Volkswagen (VLKAY) former CEO Martin Winterkorn has been revealed to be the target of a criminal investigation into the automaker’s diesel-emissions scandal. German prosecutors are investigating whether Winterkorn violated securities laws and manipulated the market with his actions. Winterkorn resigned days after the crisis erupted, saying he was doing so “in the interests of the company even though I am not aware of any wrongdoing on my part.”

The prosecutor’s office in Brunswick, Germany, in VW’s home state of Lower Saxony, started the investigation at the behest of Germany’s Federal Financial Supervisory Authority, the country’s financial watchdog. According to German stock market law, publicly traded companies must alert investors as soon as they gain knowledge of unforeseen developments that could affect a decision to buy or sell the stock. Prosecutors said that there was evidence that the disclosure obligation should have been fulfilled earlier than Sept. 22, when Volkswagen made their notification.

Volkswagen has admitted equipping cars with software that sensed when the car was on a test stand and turned off emission controls during normal driving. The scandal came to light after an outside study conducted by the International Council on Clean Transportation found irregularities in the company’s emissions testing. On September 18, the U.S. Environmental Protection Agency issued a violation notice.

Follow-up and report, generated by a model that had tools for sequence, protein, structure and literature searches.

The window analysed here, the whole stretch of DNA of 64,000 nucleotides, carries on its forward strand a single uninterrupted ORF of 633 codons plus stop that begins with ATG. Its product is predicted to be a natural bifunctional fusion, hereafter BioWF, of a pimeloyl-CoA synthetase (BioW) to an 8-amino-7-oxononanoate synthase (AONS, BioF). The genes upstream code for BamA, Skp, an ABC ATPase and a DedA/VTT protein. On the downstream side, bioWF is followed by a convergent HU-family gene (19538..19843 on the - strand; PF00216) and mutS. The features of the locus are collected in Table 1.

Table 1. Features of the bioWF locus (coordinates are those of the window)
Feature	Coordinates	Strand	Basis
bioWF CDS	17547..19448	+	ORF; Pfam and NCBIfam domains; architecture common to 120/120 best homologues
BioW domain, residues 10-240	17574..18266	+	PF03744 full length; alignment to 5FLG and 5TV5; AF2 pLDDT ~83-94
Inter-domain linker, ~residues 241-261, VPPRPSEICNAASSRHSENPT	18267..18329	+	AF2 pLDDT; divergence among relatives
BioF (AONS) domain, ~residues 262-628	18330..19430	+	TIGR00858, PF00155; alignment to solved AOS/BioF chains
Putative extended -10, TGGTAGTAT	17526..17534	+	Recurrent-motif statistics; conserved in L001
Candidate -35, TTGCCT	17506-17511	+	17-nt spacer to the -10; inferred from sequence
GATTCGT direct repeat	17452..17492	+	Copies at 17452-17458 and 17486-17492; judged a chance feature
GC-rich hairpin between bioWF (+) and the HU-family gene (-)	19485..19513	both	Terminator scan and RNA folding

Volkswagen acknowledged in March that a memo on the matter was delivered to Winterkorn on May 23, 2014. The company also admitted that Winterkorn was told directly about the diesel irregularities in a meeting July 27, 2015. Last year, Volkswagen hired the Jones Day law firm to conduct an internal investigation into its actions. Volkswagen has repeatedly said it is cooperating with investigators and that it met its disclosure obligation.

The scandal has spawned numerous investigations, including a criminal probe by the U.S. Justice Department. The company is expected to reveal details of a civil settlement with U.S. regulators next week. The settlement is expected to involve billions of dollars in compensation and repairs. Volkswagen is the second-largest automaker in the world and the scandal affects roughly 11 million vehicles sold worldwide.

A current member of Volkswagen Group’s management board is also being investigated as part of the criminal probe. The prosecutor’s office declined to name the name of the current board member under investigation, but did say that the subject was not current VW Chairman Hans Dieter Poetsch. Poetsch was chief financial officer of the company under Winterkorn.